Personal Saving Rate Rises for First Time Since April

Woman wearing protective face mask doing window shopping while standing on street in city
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Consumers had money to burn in December, but seemingly nowhere to spend it. Americans pocketed government benefits but were hindered in making purchases as new coronavirus restrictions took hold, government estimates showed Friday. It was the first time since April that the personal saving rate has gone up.

As a percentage of disposable income, personal savings rose to 13.7% in December from 12.9% in November, marking the first increase in eight months, according to the Bureau of Economic Analysis’s (BEA) monthly report on personal income and outlays.

While the savings rate had been falling since an April peak of 33.7%, the trajectory changed in December as a rise in COVID-19 cases and new pandemic restrictions again kept people at home. With incomes rising faster than spending, people saved more. Before the pandemic, the savings rate hovered around 7%-8%.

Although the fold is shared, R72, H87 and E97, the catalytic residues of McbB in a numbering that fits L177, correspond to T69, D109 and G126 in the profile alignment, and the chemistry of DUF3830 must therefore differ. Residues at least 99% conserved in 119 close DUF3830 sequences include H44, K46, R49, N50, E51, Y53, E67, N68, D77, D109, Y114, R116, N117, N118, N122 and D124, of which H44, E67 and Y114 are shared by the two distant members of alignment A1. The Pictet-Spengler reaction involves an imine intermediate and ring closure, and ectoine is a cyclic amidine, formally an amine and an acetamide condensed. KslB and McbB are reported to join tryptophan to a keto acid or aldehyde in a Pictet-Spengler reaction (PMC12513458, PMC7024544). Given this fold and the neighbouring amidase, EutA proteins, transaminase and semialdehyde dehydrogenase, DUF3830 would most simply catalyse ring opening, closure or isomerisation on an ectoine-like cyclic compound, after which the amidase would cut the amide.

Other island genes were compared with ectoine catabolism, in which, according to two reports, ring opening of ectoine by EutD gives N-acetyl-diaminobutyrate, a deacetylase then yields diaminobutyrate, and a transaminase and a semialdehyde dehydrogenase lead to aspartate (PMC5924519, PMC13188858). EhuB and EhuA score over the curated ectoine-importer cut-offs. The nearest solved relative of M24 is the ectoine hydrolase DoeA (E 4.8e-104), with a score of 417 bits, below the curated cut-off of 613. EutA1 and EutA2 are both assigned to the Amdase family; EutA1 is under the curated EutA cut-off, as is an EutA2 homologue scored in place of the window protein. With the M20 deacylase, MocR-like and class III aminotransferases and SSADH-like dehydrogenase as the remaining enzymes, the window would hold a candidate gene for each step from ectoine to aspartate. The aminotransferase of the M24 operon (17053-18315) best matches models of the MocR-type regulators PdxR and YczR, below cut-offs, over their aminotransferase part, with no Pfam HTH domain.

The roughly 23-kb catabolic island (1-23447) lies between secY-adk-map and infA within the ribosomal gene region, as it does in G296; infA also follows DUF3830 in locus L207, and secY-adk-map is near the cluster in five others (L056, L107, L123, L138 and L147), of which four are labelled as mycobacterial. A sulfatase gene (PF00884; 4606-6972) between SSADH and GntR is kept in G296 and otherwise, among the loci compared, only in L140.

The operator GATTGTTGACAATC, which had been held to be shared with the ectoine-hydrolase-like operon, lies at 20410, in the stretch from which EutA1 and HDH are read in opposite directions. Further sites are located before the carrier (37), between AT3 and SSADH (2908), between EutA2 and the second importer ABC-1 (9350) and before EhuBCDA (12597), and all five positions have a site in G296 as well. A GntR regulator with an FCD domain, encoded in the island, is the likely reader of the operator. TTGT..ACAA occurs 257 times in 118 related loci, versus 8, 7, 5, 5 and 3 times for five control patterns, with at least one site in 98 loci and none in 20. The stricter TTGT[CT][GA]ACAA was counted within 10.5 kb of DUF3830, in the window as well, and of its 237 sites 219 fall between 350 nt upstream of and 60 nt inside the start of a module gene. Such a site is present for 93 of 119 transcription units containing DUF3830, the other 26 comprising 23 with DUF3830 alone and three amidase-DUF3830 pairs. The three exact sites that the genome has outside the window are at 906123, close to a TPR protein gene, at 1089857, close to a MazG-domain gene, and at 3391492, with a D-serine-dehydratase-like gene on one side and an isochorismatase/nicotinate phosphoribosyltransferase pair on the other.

“The slowdown in spending in December partially reflects the continued effects of re-introduced restrictions as COVID-19 cases rose in December,” economists at First Trust Advisors wrote in a commentary Friday.

President Joe Biden has proposed a $1.9 trillion rescue plan to help households through the pandemic and keep the economy going. But going forward, wage growth—enabled by COVID vaccines allowing business to resume—will be better for the economy than government stimulus, First Trust said.

“It takes getting back to normal—getting back to work—to fully recover from the wounds of 2020; stimulus has and will continue to be a band-aid to tidy over until the real healing takes place,” they wrote. 

Increases in wages and government benefits contributed to a $116.6 billion, or 0.6% increase, in personal income, to $19.6 trillion, the BEA’s data showed. Private sector wages rose slightly, reaching an all-time high in December. At the same time, consumers pared back their spending 0.2%, cutting back on recreational items and food.